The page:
A Treatise on the Law of Liens, Common Law, Statutory, Equitable and Maritime
Jones, Leonard A. A Treatise on the Law of Liens, Common Law, Statutory, Equitable, and Maritime. Boston: Houghton, Mifflin and Company, 1894. Two volumes. xcix, 703; vi, 770 pp. Reprint available September 2004 by The Lawbook Exchange, Ltd. LCCN 2003052764. ISBN 1-58477-360-X. Cloth. $265. * Reprint of the revised and enlarged second edition. A lucid guide to a daunting area at a time when it was experiencing a rapid period of growth. Jones addresses liens created by recent statute and recent modifications to maritime liens and common-law liens on personal and real property. Noting that many new liens established by statute have never been asserted, and noting that court decisions depend on them, Jones states the relevant statute laws, often with fascinating commentary.
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A Treatise on the Law of Liens: Common Law, Statutory, Equitable, and Maritime
Leonard Augustus Jones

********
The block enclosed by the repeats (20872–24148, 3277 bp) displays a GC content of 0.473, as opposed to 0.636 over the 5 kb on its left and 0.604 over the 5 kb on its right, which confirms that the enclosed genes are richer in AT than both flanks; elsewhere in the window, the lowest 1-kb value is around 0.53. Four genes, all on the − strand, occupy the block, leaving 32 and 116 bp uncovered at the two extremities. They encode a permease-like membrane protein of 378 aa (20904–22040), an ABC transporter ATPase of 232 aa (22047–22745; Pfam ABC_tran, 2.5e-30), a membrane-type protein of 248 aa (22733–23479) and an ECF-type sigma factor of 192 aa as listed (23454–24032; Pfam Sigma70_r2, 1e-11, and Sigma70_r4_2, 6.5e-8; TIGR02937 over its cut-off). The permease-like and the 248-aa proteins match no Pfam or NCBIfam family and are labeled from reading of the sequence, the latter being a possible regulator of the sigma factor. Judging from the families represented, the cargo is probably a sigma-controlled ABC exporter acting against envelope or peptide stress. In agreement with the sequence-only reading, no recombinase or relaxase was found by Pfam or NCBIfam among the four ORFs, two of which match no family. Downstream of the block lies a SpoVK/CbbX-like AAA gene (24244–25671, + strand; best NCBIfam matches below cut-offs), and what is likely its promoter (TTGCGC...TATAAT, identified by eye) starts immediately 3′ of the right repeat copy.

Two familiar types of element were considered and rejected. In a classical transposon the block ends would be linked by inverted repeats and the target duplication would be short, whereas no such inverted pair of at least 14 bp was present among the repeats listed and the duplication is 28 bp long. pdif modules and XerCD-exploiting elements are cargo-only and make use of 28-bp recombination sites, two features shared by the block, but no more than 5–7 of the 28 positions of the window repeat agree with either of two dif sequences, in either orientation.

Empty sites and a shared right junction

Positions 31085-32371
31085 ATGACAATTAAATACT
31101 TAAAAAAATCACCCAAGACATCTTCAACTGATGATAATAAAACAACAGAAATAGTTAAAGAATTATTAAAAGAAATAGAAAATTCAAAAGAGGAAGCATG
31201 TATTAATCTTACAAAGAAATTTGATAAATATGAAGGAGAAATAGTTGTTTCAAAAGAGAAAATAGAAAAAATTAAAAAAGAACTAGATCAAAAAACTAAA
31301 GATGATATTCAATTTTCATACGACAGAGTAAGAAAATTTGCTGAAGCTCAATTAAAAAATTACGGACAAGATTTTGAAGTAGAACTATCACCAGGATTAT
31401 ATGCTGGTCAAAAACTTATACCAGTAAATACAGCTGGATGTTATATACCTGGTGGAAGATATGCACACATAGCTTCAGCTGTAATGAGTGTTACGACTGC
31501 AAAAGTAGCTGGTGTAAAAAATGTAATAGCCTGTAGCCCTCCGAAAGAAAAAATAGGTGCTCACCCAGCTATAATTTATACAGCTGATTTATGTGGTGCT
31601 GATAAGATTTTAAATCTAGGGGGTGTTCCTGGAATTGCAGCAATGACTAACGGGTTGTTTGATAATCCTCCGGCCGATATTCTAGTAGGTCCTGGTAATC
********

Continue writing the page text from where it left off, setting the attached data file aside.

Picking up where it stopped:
No preview available - 2015
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Page 123 - From the commencement of an action or special proceeding, or the service of an answer containing a counterclaim, the attorney who appears for a party has a lien upon his client's cause of action, claim or counterclaim, which attaches to a verdict, report, decision, judgment or final order in his client's favor, and the proceeds thereof in whosesoever hands they may come; and the lien cannot be affected by any settlement between the parties before or after judgment or final order.
Page 30 - An agreement may be made to create a lien upon property not yet acquired by the party agreeing to give the lien, or not yet in existence. In such case the lien agreed for attaches from the time when the party agreeing to give it acquires an interest in the thing, to the extent of such interest.
Page 7 - It is true, that in discussions in Courts of Equity, a mortgage is sometimes called a lien for debt. And so it certainly is, and something more; it is a transfer of the property itself, as security for the debt. This must be admitted to be true at law, and it is equally true in equity, for in this respect equity follows the law. It does not consider the estate of the mortgagee as defeated and reduced to a mere lien, but it treats it as a trust estate, and according to the intention of the parties,...
Page 17 - An equitable lien arises either from a written contract which shows an intention to charge some particular property with a debt or obligation, or is implied and declared by a court of equity out of general considerations of right and justice as applied to the relations of the parties and the circumstances of their dealings.